14 Light Fig H2OH2O Chloroplast Light Reactions NADP + P ADP i +

15 Light Fig H2OH2O Chloroplast Light Reactions NADP + P ADP i + ATP NADPH O2O2

16 Light Fig H2OH2O Chloroplast Light Reactions NADP + P ADP i + ATP NADPH O2O2 Calvin Cycle CO 2

17 Chloroplasts – contain chlorophyll  Chloroplasts are double membrane organelles. (See figure in book)  Note the granum, stroma, thylakoid, and thylakoid space  Chlorophyll is found within the membranes of the thylakoids

18 Photosynthesis has two reactions  Light dependent Reactions (light RXN)  Light capturing reaction  absorbs solar energy  Occurs in the thylakoid membrane  Light independent Reactions (dark RXN) Now called the Calvin Cycle  Synthesis reaction  Produces glucose  Occurs in the stroma

19 Light Dependent Reactions  Takes place in the thylakoid membrane  Requires two light gathering systems  Photosystems- systems used to gather solar energy which contain chlorophyll A,B, and carotenoids.  The photosystems were named in the order that they were discovered, not the order in which they occur.  Photosystem I (PSI) The molecules of Chlorophyll a & b which make up the photosystems Photosystem II (PSII)act like antennas gathering solar energy and focus it to a particular spot. }

20 Light Fig H2OH2O Chloroplast Light Reactions NADP + P ADP i + ATP NADPH O2O2 Calvin Cycle CO 2 [CH 2 O] (sugar)

21 PSI and PSII  Basically, the function of the photosystems is to convert energy so that glucose can be produced. This is accomplished by generating electron flow.  Sometimes PSI occurs exclusively called the cyclic electron pathway.  When both PSI and PSII occur PSII occurs first and then PSI. This process is the non-cyclic electron pathway.

22 Generating electron flow  Energy is directed onto a particular molecule of chlorophyll A. The electrons of this molecule are so excited that they escape their orbitals and move through a series of electron acceptors.  Reaction center- The molecule of chlorophyll A that loses an electron.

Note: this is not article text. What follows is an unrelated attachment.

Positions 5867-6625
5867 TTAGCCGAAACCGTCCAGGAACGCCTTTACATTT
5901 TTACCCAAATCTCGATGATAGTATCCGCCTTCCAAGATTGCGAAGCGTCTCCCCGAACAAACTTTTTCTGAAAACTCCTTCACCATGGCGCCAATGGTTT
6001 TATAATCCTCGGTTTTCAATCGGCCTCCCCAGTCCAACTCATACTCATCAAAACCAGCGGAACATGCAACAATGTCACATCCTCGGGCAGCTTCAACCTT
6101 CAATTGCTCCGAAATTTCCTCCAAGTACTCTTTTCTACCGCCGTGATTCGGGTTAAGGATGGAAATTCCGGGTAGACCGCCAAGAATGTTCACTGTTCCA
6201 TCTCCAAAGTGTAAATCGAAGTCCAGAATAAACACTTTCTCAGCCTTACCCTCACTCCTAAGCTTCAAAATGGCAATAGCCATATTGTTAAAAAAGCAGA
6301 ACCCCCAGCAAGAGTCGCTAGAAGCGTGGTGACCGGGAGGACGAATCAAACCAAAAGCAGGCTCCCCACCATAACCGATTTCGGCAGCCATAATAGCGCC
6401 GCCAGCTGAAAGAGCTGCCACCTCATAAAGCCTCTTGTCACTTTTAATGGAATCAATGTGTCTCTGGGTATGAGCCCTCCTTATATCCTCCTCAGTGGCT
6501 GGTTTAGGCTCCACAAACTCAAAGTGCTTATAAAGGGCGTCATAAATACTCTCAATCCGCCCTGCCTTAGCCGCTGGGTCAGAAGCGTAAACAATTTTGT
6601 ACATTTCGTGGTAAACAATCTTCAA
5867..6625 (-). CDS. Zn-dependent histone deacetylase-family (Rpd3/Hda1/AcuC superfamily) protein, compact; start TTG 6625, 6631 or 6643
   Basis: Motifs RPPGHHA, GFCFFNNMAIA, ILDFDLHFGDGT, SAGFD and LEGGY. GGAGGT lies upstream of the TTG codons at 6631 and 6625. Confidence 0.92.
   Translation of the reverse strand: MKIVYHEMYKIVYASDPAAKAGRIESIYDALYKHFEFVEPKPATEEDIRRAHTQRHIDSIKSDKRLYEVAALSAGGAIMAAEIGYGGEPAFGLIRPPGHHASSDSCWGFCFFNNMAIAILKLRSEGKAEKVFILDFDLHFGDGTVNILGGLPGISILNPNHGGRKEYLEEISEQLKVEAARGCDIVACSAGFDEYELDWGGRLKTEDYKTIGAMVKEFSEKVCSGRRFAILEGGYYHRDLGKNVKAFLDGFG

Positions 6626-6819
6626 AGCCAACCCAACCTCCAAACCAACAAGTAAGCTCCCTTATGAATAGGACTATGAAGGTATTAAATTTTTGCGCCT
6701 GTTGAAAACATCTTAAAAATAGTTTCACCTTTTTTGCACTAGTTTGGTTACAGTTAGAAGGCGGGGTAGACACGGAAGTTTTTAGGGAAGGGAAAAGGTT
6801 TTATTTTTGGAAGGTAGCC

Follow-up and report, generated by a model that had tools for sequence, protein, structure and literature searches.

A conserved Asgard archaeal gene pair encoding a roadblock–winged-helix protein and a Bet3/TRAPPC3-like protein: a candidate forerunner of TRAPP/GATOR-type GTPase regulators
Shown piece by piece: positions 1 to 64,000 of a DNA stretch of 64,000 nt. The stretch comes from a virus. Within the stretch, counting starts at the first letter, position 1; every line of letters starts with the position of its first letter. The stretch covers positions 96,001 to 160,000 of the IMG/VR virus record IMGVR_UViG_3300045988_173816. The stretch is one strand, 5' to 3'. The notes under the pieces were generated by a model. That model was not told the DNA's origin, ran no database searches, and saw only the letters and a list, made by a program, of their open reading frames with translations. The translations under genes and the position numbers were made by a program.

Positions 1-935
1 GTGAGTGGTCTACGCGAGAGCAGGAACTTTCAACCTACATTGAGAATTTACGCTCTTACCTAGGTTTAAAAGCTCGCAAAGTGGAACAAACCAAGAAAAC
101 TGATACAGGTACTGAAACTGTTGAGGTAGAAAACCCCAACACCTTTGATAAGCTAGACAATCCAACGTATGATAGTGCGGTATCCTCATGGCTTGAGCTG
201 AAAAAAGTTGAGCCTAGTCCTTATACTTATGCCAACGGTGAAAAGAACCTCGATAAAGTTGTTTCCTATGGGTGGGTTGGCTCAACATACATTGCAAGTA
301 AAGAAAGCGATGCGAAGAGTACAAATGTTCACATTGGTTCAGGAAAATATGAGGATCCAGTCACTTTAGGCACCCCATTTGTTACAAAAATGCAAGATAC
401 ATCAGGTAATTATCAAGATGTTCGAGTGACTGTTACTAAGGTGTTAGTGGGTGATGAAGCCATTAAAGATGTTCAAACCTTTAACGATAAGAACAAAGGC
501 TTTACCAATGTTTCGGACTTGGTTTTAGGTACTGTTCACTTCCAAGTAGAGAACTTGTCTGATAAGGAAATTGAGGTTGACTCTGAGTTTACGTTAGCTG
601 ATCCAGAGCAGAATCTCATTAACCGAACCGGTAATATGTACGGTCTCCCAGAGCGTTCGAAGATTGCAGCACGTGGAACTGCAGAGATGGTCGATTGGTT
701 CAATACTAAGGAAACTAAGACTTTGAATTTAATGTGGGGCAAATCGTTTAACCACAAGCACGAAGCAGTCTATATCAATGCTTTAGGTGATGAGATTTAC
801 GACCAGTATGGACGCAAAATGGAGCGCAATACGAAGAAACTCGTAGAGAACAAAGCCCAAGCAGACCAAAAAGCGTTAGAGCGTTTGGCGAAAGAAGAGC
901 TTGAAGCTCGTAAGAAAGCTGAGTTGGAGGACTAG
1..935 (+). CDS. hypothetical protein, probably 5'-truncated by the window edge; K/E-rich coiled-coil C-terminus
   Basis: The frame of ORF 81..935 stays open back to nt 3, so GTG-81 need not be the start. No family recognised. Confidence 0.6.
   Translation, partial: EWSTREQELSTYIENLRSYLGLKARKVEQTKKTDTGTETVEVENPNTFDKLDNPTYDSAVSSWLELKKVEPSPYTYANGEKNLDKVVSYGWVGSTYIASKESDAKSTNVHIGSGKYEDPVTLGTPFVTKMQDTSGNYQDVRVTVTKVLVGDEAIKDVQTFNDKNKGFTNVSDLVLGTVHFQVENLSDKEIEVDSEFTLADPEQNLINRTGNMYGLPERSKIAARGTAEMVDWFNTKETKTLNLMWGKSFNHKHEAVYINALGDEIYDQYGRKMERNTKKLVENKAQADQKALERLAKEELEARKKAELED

23 Fig THYLAKOID SPACE (INTERIOR OF THYLAKOID) STROMA e–e– Pigment molecules Photon Transfer of energy Special pair of chlorophyll a molecules Thylakoid membrane Photosystem Primary electron acceptor Reaction-center complex Light-harvesting complexes

24 Cyclic Electron Pathway (PS1) ( not play station 1 )  An electron leaves the RXN center but eventually returns to it.  As the electron is passed from acceptor to acceptor Energy for ATP is released.  Occurs when:  CO 2 levels are extremely low  by photosynthetic bacteria

25 Cyclic pathway – PS1 ( cont. )  Does not produce NADPH  Produces ONLY ATP  Probably first to evolve,  Because CO 2 levels are low no glucose is produced and the organism must survive on the small amount of ATP that is generated

26 Non-cyclic Pathway (PS 2) (not play station 2)  Water is split and an electron enters PSII  Causes the reaction center to lose an electron and travel through a series of electron acceptors.  As the electron is passed along ATP is generated. This ATP will be used in the Light independent reactions  The electron then enters PSI which during the non-cyclic pathway produces the molecule NADPH instead of ATP.

27 Non-cyclic (cont.)  The products of the non-cyclic pathway, NADPH and ATP, enter the Stroma  NADP is one of several biological molecules that act as an electron carrier.  In the stroma, the light independent reactions occur.  The splitting of water results in a H ion (which is basically an electron) and O which is released from the leaf as a waste product.